The book wraps up with a chapter on testing and various approaches to shake out bugs. One suggestion to stress the file system in early 1998, was to support a full USENET feed, resulting in 2GB of data per day at least being written to disk. When collecting more PDFs after reading the journaling chapter, I found a paper from USENIX in 2000 which states “anecdotal evidence suggests that a full news feed today is 15-20 GB per day”.
ISC‘s InterNet News (INN) and netnews were useful tools for testing the robustness of a file system.
Of these tests, the most stressful by far is handling an Internet news feed. The volume of traffic of a full Internet news feed is on the order of 2 GB per day spread over several hundred thousand messages (in early 1998). The INN software package stores each message in a separate file and uses the file system hierarchy to manage the news hierarchy. In addition to the large number of files, the news system also uses several large databases stored in files that contain overview and history information about all the active articles in the news system. The amount of activity, the sizes of the files, and the sheer number of files involved make running INN perhaps the most brutal test any file system can endure. Running the INN software and accepting a full news feed is a significant task. Unfortunately the INN software does not yet run on BeOS, and so this test was not possible (hence the reason for creating the synthetic news test program). A file system able to support the real INN software and to do so without corrupting the disk is a truly mature file system.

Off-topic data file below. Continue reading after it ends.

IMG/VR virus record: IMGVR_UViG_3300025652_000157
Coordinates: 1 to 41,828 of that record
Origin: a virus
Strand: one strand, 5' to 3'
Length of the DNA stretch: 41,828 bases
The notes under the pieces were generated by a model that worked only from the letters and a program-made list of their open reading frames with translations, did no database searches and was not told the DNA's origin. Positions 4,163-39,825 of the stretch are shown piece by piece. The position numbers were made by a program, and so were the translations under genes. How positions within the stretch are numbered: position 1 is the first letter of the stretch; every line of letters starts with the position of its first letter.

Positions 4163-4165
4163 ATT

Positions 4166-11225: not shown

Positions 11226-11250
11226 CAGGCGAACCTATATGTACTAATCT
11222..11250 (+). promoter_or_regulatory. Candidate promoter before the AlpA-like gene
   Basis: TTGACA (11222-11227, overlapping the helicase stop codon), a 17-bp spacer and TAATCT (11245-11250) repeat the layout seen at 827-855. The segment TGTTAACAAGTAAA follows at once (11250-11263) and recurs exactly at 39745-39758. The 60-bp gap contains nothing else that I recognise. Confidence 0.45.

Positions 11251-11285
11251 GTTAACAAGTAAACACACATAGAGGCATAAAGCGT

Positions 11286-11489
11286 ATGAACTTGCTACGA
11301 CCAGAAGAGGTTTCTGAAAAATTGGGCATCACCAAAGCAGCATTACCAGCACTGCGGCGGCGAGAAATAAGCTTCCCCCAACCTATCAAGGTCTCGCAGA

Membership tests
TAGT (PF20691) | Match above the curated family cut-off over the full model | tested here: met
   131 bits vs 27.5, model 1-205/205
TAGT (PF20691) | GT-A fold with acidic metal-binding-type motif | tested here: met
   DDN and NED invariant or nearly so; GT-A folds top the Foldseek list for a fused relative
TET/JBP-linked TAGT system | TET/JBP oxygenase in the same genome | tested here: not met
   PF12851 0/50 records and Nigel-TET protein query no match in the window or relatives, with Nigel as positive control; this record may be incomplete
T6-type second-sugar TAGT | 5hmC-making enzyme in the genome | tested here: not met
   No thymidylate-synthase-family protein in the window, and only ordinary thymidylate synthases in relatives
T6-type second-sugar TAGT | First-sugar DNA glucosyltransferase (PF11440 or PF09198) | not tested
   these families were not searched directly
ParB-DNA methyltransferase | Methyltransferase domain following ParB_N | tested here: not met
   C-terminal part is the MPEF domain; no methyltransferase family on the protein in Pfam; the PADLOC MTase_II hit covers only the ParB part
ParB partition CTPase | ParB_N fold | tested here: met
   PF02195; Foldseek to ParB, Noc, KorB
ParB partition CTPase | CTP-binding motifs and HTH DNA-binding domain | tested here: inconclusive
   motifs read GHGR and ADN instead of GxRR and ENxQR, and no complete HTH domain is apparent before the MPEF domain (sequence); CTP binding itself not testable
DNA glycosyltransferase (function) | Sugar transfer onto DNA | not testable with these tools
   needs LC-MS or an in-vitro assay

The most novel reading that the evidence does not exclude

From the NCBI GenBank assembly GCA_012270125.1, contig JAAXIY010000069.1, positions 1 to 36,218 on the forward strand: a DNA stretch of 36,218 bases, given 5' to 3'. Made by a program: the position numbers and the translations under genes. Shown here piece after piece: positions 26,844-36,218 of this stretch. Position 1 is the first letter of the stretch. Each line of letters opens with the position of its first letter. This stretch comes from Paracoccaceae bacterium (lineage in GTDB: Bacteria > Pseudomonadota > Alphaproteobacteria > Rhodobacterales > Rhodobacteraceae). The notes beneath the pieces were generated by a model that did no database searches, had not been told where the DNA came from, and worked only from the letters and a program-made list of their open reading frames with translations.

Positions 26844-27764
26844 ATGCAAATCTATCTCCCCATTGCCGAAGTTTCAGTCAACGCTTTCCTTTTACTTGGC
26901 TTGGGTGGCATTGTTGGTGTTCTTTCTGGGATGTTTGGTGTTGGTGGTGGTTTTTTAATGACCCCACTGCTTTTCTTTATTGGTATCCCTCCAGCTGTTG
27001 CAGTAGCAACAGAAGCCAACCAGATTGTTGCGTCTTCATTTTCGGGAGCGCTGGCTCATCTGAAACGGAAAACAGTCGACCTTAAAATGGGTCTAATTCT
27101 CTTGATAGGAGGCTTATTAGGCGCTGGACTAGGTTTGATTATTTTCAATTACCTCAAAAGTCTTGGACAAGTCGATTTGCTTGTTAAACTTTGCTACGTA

The book was a great read, and provides lots of historical context and grounding of concepts for an autodidact (just don’t take away thinking 5GB HDD is a large disk). From a nostalgia perspective it was interesting because of the desktop search thing that was happening around that time and more recently the Systems We Love talk regarding the search capabilities of BFS.
At the time I never had the full BeOS experience since I didn’t have a system with enough RAM. I could boot BeOS but the system decomposed to no sound nor colour!
I recall a disappointed experience, trying to boot the demo copy of BeOS v4.5? Personal Edition from a PC Plus cover disk.
It would’ve been nice to use the colour display capabilities of my CRT at the very least. 🙂
I have amassed more PDFs and currently reading a paper from 1996 on Scalability in the XFS File System which closes with
Adam Sweeney, Doug Doucette, Wei Hu, Curtis Anderson, Michael Nishimoto, and Geoff Peck are all members of the Server Technology group at Silicon Graphics. Adam went to Stanford, Doug to NYU and Berkeley, Wei to MIT, Curtis to Cal Poly, Michael to Berkeley and Stanford, and Geoff to Harvard and Berkeley. None of them holds a Ph.D. All together they have worked at somewhere around 27 companies, on projects including secure operating systems, distributed operating systems, fault tolerant systems, and plain old Unix systems. None of them intends to make a career out of building file systems, but they all enjoyed building one.Scalability in the XFS File System
As an aside, the reMarkable 2 is physically a really nice device to hold, display is great, the ability to extract my highlighted items from a PDF could be a lot better, I could export a copy of this book as a PDF but there’s no way to get a view of just highlighted items and it’s not possible to copy from pdf on the device which meant I had to manually scan the exported PDF and save them in my notes.